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The structural nature of the EU’s productivity downturn is confirmed by the analysis in this paper, with the bulk of the deterioration emanating from an outdated and inflexible industrial structure which has been slow to adapt to the intensifying pressures of globalisation and rapid technological change. The EU’s productivity problems are driven by the combined effect of an excessive focus on low and medium-technology industries (with declining productivity growth rates and a globalisation-induced contraction in investment levels); an inability to seriously challenge the US’s dominance in large areas of the ICT industry, as reflected in the relatively small size of its ICT production sector; and finally, its apparent slowness in reaping the productivity enhancing benefits of ICT in a range of ICT-using industries, although measurement issues severely complicate an assessment of the gains from ICT production and diffusion.
The post-1995 differences in EU-US productivity patterns are fundamentally driven by the US’s superiority in terms of its capacity to produce and absorb new technologies, most notably in the case of ICT. Healthy knowledge production and absorption processes are mutually supportive elements of any successful long run productivity strategy. Evidence is presented which suggests that the US’s overall innovation system is superior to that of the EU’s, both in terms of the quality and funding of its knowledge sector and the more favourable framework conditions prevailing. The repeated ability of the US system to direct resources towards the newer, high technology (and often high productivity growth), industries is a reflection of the quality of the interrelationships between the different actors in its innovation system and of an economic and regulatory framework which has the capacity to transform excellence in knowledge creation into a globally competitive industrial structure.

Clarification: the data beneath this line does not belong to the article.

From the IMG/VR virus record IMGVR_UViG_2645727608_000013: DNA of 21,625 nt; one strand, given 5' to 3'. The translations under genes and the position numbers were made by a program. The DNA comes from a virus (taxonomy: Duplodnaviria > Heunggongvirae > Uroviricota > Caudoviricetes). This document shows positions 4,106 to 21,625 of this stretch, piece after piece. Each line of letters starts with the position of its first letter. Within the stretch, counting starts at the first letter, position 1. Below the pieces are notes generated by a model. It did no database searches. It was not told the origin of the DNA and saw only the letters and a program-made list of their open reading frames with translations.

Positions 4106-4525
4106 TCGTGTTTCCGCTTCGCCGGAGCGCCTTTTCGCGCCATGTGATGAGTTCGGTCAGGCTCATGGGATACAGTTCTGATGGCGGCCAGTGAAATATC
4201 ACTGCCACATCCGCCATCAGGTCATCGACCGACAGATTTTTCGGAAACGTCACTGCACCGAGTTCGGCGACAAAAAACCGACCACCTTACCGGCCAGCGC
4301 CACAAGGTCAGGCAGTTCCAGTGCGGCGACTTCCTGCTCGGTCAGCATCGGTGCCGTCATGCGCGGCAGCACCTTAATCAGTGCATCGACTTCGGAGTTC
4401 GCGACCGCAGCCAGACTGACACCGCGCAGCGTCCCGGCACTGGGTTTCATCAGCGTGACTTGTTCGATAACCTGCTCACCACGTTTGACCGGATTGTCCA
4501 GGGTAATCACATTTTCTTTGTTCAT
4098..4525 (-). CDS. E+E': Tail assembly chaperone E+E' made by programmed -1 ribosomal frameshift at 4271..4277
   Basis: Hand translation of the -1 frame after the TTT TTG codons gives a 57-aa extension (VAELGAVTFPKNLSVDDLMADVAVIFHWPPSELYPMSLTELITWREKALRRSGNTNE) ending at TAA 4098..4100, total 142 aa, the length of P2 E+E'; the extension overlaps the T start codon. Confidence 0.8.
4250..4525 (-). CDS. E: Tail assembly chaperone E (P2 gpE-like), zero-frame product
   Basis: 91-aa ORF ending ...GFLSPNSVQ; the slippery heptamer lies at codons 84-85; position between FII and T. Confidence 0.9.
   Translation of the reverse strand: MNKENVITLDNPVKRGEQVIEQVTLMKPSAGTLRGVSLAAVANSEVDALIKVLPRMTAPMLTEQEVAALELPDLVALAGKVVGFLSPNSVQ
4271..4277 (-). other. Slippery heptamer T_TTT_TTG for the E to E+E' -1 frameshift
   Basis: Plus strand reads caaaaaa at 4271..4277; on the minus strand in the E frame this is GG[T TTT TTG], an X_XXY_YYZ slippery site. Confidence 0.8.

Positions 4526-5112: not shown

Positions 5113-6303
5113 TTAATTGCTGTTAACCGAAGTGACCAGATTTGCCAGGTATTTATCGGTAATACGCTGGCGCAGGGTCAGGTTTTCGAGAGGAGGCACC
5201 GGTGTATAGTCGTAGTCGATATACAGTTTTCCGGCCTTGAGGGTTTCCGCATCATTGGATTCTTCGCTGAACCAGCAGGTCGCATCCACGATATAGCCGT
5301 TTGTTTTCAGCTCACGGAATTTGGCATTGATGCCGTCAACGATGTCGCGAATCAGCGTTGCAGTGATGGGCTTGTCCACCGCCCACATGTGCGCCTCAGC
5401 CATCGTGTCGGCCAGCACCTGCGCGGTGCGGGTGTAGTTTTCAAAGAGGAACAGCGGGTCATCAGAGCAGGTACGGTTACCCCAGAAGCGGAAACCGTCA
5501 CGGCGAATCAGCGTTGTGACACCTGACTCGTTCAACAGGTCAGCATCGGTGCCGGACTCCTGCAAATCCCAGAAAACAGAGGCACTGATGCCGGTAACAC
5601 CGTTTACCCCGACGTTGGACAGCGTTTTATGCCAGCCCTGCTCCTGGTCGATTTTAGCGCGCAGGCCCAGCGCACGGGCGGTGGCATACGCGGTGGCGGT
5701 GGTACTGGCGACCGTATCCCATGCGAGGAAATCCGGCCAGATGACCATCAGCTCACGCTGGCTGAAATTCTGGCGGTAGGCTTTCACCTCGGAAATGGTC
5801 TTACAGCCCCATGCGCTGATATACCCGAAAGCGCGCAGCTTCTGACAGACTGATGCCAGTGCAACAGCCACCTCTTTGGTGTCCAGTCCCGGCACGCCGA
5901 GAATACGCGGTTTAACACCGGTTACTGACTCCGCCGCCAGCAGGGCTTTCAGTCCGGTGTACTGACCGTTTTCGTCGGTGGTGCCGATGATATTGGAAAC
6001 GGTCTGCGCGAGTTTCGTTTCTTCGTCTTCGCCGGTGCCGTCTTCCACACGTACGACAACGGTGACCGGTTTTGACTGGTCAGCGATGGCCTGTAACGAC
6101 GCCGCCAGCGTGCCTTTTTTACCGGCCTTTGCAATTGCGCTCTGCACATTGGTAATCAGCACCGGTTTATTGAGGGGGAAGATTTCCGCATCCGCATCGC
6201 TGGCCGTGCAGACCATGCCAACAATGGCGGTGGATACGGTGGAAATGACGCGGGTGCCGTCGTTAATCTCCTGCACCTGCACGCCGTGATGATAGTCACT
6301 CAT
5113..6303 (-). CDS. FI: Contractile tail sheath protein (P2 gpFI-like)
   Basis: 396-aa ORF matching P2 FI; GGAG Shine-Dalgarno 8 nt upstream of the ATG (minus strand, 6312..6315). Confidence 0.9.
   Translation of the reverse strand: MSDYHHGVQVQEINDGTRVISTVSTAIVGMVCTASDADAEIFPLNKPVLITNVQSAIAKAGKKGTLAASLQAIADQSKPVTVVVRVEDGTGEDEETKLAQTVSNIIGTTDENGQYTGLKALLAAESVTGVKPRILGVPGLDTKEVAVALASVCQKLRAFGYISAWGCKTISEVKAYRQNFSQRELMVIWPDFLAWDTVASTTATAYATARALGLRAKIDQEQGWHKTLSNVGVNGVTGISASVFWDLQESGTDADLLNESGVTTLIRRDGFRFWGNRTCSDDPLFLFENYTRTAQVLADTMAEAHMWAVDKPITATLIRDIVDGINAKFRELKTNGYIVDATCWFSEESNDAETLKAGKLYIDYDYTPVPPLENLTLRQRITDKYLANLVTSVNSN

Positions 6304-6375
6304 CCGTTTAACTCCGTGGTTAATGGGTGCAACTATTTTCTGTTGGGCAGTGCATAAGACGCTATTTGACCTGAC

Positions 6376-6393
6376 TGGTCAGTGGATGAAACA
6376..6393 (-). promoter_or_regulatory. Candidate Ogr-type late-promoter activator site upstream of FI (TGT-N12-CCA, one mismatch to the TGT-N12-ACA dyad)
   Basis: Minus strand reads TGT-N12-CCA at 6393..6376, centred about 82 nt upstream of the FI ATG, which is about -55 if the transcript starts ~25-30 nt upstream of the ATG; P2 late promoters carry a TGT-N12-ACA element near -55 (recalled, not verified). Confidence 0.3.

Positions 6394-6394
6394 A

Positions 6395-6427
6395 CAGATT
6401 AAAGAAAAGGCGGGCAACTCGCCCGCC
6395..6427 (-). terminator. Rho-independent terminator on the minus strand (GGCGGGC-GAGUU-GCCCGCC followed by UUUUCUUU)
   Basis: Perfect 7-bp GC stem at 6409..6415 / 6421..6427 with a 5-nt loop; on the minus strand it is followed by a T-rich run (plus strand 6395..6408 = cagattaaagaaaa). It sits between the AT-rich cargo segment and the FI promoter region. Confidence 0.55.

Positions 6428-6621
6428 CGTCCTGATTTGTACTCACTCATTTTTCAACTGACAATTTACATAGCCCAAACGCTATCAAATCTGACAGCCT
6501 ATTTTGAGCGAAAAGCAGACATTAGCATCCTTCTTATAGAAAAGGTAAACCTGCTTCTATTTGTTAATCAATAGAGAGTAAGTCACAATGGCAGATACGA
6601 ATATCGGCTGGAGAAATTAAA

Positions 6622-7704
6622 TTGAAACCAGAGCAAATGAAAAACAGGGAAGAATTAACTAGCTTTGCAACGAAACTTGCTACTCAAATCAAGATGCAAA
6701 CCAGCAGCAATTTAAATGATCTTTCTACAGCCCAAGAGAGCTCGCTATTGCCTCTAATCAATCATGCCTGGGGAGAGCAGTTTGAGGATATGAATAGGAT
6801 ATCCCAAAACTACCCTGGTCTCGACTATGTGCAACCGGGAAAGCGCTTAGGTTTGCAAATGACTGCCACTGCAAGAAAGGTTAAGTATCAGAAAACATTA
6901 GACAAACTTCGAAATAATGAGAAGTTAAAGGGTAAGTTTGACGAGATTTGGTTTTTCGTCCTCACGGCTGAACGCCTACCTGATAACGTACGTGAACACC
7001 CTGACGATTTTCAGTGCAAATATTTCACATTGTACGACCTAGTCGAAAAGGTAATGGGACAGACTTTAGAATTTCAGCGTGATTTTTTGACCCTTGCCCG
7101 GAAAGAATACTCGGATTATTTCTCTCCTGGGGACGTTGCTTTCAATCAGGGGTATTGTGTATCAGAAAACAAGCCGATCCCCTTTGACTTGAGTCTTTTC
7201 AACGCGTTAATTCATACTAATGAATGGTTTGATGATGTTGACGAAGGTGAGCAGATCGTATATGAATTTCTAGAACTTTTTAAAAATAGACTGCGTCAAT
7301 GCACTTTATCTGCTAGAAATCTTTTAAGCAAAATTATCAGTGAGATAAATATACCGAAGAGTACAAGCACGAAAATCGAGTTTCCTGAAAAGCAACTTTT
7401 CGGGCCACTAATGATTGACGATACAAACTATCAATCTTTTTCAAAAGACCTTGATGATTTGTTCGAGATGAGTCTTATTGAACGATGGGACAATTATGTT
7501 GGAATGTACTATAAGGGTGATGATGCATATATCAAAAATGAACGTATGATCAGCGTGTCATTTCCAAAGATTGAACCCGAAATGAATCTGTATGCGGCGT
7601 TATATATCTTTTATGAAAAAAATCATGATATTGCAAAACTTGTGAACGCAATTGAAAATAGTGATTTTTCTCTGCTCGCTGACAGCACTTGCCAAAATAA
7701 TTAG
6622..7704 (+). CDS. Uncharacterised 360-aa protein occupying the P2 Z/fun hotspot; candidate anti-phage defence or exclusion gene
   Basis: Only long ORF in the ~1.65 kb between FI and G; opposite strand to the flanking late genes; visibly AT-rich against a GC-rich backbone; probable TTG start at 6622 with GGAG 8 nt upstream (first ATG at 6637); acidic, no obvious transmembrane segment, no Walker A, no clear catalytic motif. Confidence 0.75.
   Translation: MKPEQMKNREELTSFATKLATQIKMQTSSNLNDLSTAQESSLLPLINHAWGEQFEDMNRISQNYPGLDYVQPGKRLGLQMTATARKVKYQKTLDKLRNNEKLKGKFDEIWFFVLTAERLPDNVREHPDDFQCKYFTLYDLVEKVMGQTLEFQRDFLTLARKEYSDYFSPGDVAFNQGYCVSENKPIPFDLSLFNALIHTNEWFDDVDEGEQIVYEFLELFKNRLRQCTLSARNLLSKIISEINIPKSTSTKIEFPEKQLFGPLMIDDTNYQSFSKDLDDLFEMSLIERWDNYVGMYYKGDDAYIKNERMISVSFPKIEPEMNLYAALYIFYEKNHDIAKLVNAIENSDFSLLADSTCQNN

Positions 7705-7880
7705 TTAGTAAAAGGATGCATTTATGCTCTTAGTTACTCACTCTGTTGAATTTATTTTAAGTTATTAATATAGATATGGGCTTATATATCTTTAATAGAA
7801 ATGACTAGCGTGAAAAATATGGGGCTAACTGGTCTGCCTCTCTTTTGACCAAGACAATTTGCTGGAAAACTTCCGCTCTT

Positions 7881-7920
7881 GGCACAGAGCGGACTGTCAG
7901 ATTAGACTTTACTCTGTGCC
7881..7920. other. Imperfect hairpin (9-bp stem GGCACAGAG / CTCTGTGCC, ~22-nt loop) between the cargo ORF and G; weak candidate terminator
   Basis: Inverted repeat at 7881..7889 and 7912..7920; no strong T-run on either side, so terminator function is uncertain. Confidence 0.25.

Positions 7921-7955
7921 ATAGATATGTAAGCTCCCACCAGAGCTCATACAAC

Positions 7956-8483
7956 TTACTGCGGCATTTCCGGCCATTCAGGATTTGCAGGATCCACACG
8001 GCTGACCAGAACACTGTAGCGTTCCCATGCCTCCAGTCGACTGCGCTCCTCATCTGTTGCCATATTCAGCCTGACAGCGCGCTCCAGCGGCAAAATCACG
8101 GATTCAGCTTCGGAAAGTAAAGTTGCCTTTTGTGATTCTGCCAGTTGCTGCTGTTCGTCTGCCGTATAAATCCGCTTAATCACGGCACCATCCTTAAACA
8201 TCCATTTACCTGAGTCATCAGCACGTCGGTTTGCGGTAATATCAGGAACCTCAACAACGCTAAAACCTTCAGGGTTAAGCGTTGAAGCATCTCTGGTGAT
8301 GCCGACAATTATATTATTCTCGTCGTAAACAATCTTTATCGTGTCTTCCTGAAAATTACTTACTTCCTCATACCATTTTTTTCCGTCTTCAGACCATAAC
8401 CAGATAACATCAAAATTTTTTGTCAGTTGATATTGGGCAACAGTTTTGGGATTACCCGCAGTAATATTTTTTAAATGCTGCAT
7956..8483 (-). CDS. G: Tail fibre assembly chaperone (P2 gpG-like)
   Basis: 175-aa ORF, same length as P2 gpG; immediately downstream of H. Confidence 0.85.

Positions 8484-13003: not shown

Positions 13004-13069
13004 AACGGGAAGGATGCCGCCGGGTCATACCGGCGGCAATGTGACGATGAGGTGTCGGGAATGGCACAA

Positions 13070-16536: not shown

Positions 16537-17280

Additional information

Authors: DENIS C, European Commission, DG for Economic and Financial Affairs, Brussels (BE);MC MORROW K, European Commission, DG for Economic and Financial Affairs, Brussels (BE);RÖGER W, European Commission, DG for Economic and Financial Affairs, Brussels (BE);VEUGELERS R, European Commission, DG for Economic and Financial Affairs, Brussels (BE)
Bibliographic Reference: Luxembourg, Office for Official Publications of the European Communities, 2005. 95 pp, free of charge
Availability: (Catalogue Number: KC-AI-05-221-EN-C)
ISBN: ISBN 92-894-8140-4
Record Number: 200618414 / Last updated on: 2005-12-19
Original language: en
Available languages: en